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Breast physician workforce faces oblivion

Jackie Blue MP National Party Associate Health Spokeswoman

12 June 2006

Breast physician workforce faces oblivion

De-registering the Australasian Society of Breast Physicians would be extremely short-sighted and a massive backwards step for New Zealand women," says National Associate Health spokeswoman Dr Jackie Blue.

The Medical Council will this week hear an appeal from the society, which it is trying to de-register, says Dr Blue, a former president of the society.

"It seems the main grounds on which they are threatening to de-register this innovative group are primarily its small size and that other doctors already provide the health service provided by breast physicians.

"New Zealand has an acknowledged shortage of breast radiologists, and breast physicians are perfectly positioned and trained to meet this need.

"The physicians have the expertise to work in breast assessment clinics, perform diagnostic biopsies, report screening mammograms, counsel, and give results.

"As a result of extending our breast screening programme to include women 45-69 years in line with the steady increase in breast cancer incidence and ageing population, BreastScreen Aotearoa faces an urgent problem in diagnosing and managing the huge increase in the number of women who will be diagnosed with breast cancer in the next decade.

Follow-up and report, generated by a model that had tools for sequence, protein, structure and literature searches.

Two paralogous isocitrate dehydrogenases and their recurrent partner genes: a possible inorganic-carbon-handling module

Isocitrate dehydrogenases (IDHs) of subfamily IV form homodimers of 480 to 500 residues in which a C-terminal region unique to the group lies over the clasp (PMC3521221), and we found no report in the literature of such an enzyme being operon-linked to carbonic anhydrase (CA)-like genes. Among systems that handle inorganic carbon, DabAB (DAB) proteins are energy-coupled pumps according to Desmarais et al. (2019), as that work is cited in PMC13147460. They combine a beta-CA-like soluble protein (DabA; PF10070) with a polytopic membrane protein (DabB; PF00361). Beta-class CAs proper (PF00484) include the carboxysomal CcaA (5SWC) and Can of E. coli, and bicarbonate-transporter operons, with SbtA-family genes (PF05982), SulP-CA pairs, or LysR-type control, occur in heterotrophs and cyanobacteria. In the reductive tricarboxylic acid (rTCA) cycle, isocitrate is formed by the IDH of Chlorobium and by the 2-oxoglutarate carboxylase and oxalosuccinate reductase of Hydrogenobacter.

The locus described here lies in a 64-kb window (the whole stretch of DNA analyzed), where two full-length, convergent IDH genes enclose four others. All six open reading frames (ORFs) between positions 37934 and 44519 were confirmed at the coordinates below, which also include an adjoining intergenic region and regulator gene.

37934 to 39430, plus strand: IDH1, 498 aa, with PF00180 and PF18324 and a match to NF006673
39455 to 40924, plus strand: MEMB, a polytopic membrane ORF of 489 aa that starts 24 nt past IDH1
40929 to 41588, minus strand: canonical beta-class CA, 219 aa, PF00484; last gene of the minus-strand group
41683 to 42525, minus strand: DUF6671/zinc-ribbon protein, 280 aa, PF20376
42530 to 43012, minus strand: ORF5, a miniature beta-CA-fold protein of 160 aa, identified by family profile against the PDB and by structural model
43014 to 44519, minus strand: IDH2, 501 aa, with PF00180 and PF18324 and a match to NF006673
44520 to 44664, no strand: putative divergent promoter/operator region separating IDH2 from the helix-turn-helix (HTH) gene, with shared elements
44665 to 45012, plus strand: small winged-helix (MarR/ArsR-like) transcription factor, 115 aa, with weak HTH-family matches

"Breast physicians already work in the Australian and United Kingdom breast screening programmes.

"Health Minister Pete Hodgson has indicated through a parliamentary written question that policy development for breast physicians working in the screening programme will occur sometime in the future, but this needs to happen sooner rather than later.

"If it is left it could be too late to save this valuable group," says Dr Blue.

"Health professionals are already leaving our shores in droves, so now is the time for more innovation in solving our workforce shortage, not less."


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